What follows is an increasingly noticeable lack of convergence between artistic and business sensibilities and an internecine disunity between the band’s two creative forces. The scene featuring a discernibly awkward Tweedy squirming his way through backstage questions from sycophantic retailers and radio personnel is a near perfect illustration of the chasm that exists between those who create the musical product and those who sell it; already visibly disinterested with banal enquiries regarding the new album, a diffident Tweedy’s otiose description of the record containing lots of “holes” induces a lame, punning mention of Courtney Love and a final straw that sees the singer hastily exit from the room. It is in the relations between Tweedy and his fellow songwriter, however, that things appear most fractious; his argument with Bennett regarding the intro to ‘Heavy Metal Drummer,’ and the apparent crossed-wires as to the actualities of their disagreement, are clear signs of a growing disintegration. Later in the film we see these tensions culminate in Bennett’s departure from the band following “Yankee Hotel Foxtrot’s” completion and the reactions we hear from his erstwhile bandmates are of unanimous satisfaction with Tweedy’s decision to dismiss him. The depictions of Bennett as a somewhat needy musician and increasingly undesirable bandmate may be accurate but his claims that Tweedy had begun to feel threatened by his growing influence in the band also possess the ring of plausibility.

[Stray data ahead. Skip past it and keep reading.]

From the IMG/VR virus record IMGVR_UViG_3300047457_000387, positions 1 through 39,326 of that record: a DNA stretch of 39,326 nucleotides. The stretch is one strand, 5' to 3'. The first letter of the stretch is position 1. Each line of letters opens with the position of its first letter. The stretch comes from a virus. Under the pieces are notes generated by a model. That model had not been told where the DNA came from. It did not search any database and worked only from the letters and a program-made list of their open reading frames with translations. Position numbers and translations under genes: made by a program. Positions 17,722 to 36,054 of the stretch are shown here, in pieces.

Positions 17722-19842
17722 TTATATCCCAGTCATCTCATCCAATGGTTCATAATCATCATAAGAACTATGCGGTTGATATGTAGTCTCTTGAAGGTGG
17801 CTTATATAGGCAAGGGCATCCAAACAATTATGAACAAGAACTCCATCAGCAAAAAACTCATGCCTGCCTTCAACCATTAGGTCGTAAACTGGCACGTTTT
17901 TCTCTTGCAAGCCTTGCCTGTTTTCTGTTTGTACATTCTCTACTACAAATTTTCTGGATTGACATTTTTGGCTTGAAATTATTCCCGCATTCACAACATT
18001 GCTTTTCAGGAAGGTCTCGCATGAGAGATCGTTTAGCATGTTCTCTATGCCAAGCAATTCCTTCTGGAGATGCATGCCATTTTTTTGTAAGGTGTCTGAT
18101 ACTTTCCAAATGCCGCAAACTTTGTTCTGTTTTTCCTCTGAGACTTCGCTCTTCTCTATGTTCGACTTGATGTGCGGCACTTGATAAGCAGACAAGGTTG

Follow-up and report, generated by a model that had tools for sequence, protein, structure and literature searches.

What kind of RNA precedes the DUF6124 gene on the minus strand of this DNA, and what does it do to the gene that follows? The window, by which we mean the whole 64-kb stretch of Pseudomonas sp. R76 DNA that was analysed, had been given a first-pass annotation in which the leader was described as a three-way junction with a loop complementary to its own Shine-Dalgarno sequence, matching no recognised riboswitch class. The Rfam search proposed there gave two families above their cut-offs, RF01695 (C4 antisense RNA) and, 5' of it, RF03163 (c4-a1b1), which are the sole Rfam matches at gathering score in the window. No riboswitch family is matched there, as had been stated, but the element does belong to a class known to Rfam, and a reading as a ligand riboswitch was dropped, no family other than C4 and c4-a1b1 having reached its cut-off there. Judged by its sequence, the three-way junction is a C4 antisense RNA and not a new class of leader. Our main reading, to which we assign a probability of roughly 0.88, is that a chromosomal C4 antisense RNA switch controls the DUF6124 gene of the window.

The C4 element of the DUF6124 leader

After the late summoning of Jim O’Rourke who impresses the band with his final mix of the album, “Yankee Hotel Foxtrot” is finally complete and sent to Reprise Records. Wilco are made to wait, and wait, and it finally transpires that executives at Reprise are dissatisfied with what they hear. Faced with an album bereft of an obvious single and doubtful as to its ability to perform commercially, the record company’s demands for alterations to be made are disregarded by the band and thus, an impasse begins where both sides remain obstinate in their respective positions. The deadlock results in Wilco being released from their contract with the somewhat conciliatory gesture that they are free to take the finished record elsewhere. The decision is the consequence of a business motivated mind-set as identified by senior editor of Rolling Stone magazine David Fricke: “If I was an executive at a record company and I listened to “Yankee Hotel Foxtrot,” I probably wouldn’t get it because it doesn’t tell me exactly who it’s for, it doesn’t tell me exactly what it’s about and it doesn’t tell me exactly how much it’s going to sell.”